The Netherlands’ weight of experience and reserves of resilience were on full display at the Bulawayo Athletic Ground on Friday as they withstood a spirited challenge from the United States and duly qualified for their fifth T20 World Cup with a seven-wicket victory.
Both innings began with the Americans in charge, but twice the Dutch fought back to show that cohesive teamwork and the individual brilliance of Bas de Leede were too much for opponents who crumbled in the face of the tournament’s flinty sudden-death format.
Qualifying for Australia at the end of the year will give Scott Edwards’s men the chance to redeem themselves after last year’s Debacle in the Desert, and with the KNCB under new management there is every reason to hope that it will be a well-prepared and match-ready Dutch squad which takes the field in either Hobart or Geelong at the end of October.
It was the United States who initially seemed be heading for Australia after Monank Patel won the toss and elected to bat: by contrast with the Dutch bowlers’ outstanding start against Uganda the day before, Steven Taylor set the tone by despatching Fred Klaassen to the boundary three times in the opening over, and by the end of five overs the total had rocketed to 51 without loss.
Paul van Meekeren, returning to the side after being rested on Thursday, removed Taylor with his first delivery, but the powerplay ended with the Americans on 60 for one, and the Dutch needed to draw on all their experience to regain the momentum.
In fact it was the least-experienced member of the side, 19-year-old leg-spinner Shariz Ahmad, who struck the next blow, Monank Patel, on 32, hammering a long hop down the throat of Logan van Beek on the midwicket boundary, and when De Leede took a return catch to remove Gajanand Singh four balls later the pressure started to switch to the US side.
That told when a sharp return from Teja Nidamanuru removed Aaron Jones, the first of no fewer than four run-outs in the innings after a dreadful misunderstanding, and now the Dutch started to exert their discipline: Duvvarapu Siva Kumar was run out in the next over, and then De Leede produced a splendid yorker to dismiss Marty Kane.
61 for one had become 98 for five with six overs left, and although Nisarg Patel mounted a rearguard action with a 23-ball 28, when he became the fourth run-out and Saurabh Netravalkar fell to a brilliant one-handed catch by Klaassen at long on the innings closed on a disappointing 138.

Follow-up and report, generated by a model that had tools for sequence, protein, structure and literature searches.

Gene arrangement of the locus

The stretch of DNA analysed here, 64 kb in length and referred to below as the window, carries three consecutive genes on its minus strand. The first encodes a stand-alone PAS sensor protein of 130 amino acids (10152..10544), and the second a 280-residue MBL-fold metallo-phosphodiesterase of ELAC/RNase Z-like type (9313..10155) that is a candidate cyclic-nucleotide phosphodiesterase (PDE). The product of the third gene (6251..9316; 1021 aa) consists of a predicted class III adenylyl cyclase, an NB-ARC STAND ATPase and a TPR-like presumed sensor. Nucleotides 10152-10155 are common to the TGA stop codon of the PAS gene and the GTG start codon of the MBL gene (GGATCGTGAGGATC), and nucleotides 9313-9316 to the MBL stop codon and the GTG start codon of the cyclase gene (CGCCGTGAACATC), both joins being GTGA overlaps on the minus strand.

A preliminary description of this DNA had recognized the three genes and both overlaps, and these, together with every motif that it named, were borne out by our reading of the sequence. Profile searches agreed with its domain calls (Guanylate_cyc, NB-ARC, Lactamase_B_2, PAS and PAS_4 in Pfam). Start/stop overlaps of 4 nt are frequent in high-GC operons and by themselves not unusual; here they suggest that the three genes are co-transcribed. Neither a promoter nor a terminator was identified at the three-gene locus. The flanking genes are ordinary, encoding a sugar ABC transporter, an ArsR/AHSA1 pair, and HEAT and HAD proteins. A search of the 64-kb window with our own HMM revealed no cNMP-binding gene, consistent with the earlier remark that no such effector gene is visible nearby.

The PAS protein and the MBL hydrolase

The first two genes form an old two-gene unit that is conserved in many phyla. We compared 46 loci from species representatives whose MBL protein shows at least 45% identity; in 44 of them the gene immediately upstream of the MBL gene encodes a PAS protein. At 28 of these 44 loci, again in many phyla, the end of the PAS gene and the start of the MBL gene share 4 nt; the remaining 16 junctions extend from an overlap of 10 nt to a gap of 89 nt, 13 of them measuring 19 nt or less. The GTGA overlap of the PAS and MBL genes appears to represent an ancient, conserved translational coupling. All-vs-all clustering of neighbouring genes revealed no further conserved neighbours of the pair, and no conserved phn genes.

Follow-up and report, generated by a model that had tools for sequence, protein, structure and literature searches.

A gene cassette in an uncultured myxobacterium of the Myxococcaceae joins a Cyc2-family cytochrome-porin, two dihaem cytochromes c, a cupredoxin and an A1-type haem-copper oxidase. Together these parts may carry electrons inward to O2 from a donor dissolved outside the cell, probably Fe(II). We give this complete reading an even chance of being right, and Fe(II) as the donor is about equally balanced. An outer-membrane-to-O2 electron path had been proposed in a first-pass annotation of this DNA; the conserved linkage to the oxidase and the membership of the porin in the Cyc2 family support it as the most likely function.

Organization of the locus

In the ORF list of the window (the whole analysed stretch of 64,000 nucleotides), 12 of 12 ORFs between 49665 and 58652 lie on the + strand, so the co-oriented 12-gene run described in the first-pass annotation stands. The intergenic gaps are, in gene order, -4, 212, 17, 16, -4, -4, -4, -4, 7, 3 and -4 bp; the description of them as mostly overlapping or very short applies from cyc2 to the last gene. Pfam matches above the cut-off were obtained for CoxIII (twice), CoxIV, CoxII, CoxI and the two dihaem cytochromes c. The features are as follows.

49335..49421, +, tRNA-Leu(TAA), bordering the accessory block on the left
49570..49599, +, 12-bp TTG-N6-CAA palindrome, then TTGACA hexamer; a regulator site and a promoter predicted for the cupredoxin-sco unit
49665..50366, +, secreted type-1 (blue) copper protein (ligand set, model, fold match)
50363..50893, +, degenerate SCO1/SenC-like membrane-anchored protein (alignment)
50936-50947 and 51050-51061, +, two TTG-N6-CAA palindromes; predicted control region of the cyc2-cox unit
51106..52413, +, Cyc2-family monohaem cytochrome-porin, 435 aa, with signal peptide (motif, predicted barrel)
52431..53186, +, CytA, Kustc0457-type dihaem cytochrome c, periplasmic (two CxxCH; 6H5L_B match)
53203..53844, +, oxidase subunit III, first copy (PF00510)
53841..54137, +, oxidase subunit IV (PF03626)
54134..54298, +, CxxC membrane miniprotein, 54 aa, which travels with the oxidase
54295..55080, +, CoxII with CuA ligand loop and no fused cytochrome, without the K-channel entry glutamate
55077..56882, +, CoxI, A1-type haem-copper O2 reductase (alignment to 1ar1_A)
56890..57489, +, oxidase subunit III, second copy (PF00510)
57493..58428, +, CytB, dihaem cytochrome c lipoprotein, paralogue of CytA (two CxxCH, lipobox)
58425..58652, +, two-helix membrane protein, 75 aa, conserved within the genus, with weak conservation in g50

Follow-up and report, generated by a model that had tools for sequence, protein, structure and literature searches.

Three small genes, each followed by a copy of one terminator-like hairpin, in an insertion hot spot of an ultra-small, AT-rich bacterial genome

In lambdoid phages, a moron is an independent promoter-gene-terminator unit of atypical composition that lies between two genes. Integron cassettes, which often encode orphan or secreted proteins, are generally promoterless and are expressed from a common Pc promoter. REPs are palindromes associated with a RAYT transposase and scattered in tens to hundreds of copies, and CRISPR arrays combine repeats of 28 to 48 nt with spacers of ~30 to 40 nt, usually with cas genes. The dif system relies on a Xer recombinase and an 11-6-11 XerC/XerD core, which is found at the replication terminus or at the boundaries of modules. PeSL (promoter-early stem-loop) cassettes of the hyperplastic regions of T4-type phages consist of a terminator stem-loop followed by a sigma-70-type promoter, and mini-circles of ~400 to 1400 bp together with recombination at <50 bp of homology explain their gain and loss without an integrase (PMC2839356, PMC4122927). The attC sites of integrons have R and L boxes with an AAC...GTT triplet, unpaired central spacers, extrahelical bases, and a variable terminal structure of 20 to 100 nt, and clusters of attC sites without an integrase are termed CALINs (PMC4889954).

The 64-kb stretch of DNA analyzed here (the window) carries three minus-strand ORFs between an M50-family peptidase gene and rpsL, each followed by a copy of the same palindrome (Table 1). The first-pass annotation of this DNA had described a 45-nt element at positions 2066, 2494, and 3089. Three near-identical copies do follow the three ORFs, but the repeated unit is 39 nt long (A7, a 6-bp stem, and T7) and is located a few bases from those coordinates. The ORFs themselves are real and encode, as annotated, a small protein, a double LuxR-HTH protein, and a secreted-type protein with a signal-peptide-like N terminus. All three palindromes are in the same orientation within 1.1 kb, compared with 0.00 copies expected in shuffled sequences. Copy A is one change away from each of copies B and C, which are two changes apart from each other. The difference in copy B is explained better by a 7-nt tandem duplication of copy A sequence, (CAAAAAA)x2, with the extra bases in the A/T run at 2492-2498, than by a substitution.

Van Meekeren finished with two for 22 from four overs in his hundredth match in dayglo orange and De Leede two for 23 from three in his fiftieth, but Klaassen, the hero of the Uganda game with five for 19, went wicketless this time.
Defending this low total the Americans needed early wickets, and the estimable Netravalkar duly obliged by removing Steph Myburgh before there was a run on the board.
Then Nisarg Patel accepted a return catch from Max O’Dowd, and when Tom Cooper holed out to Jaskaran Malhotra off Cameron Stevenson the Dutch were on 62 for three after eight overs and again needing to turn the game around.
41 of those runs, though, had come from the bat of De Leede, who had already hit two fours and two sixes and who appeared to be immune to the nerves which everyone else was suffering from in the pressure of the moment.
He was now joined by skipper Scott Edwards, who calmly proceeded to rotate the strike, giving De Leede the scope to take on the increasingly rattled American attack; he reached his fifth international half-century off just 33 deliveries, and although Nisarg Patel contributed a steady spell with one for 25, and Netravalkar and Stevenson also bowled well, the asking rate was now under six an over and the Dutch were cruising.
It was, fittingly, De Leede who hit the winning run with an over to spare; he ended on 91 from 67 balls, with nine fours and three sixes, while Edwards, whose innings was the perfect counterfoil, made 26 from 25 with a single boundary.
The Netherlands’ opponents in Sunday’s final will be hosts Zimbabwe, who had to overcome a strong challenge from Papua New Guinea after posting 199 for five at the Queen’s Sports Club.
Wessley Madhevere top-scored with 42 from 29 deliveries for Zimbabwe, with skipper Craig Ervine making 38, Regis Chakabva 30 and useful contributions from Sikandar Raza, Sean Williams and Milton Shumba reinforcing the power of the home side’s batting line-up.
PNG were soon in trouble at 34 for three, but Tony Ura took the battle to the Zimbabwean attack with a 35-ball 66 which included four fours and five sixes, and with Charles Amini (31) providing excellent support the Barramundis were for a time ahead of the required rate.
Ura’s departure five overs from the end, however, swung the game back Zimbabwe’s way, and a fine spell from Blessing Muzarabani, who took two for 24, ensured that PNG fell short, the innings ending on 172 for eight to give Zimbabwe a 27-run victory.
Ura deservedly had the consolation of the Player of the Match award.
In the matches to settle fifth to eighth places Hong Kong beat Singapore by seven wickets, while in a thrilling climax to the other game Jersey narrowly failed to chase down Uganda’s total of 110 to lose by just 5 runs.
You’re reading Emerging Cricket — brought to you by a passionate group of volunteers with a vision for cricket to be a truly global sport, and a mission to inspire passion to grow the game.
Be sure to check out our homepage for all the latest news, please subscribe for regular updates, and follow EC on Twitter, Facebook, LinkedIn and YouTube.
Don’t know where to start? Check out our features list, country profiles, and subscribe to our podcast.
Support us from US$2 a month — and get exclusive benefits, by becoming an EC Patron.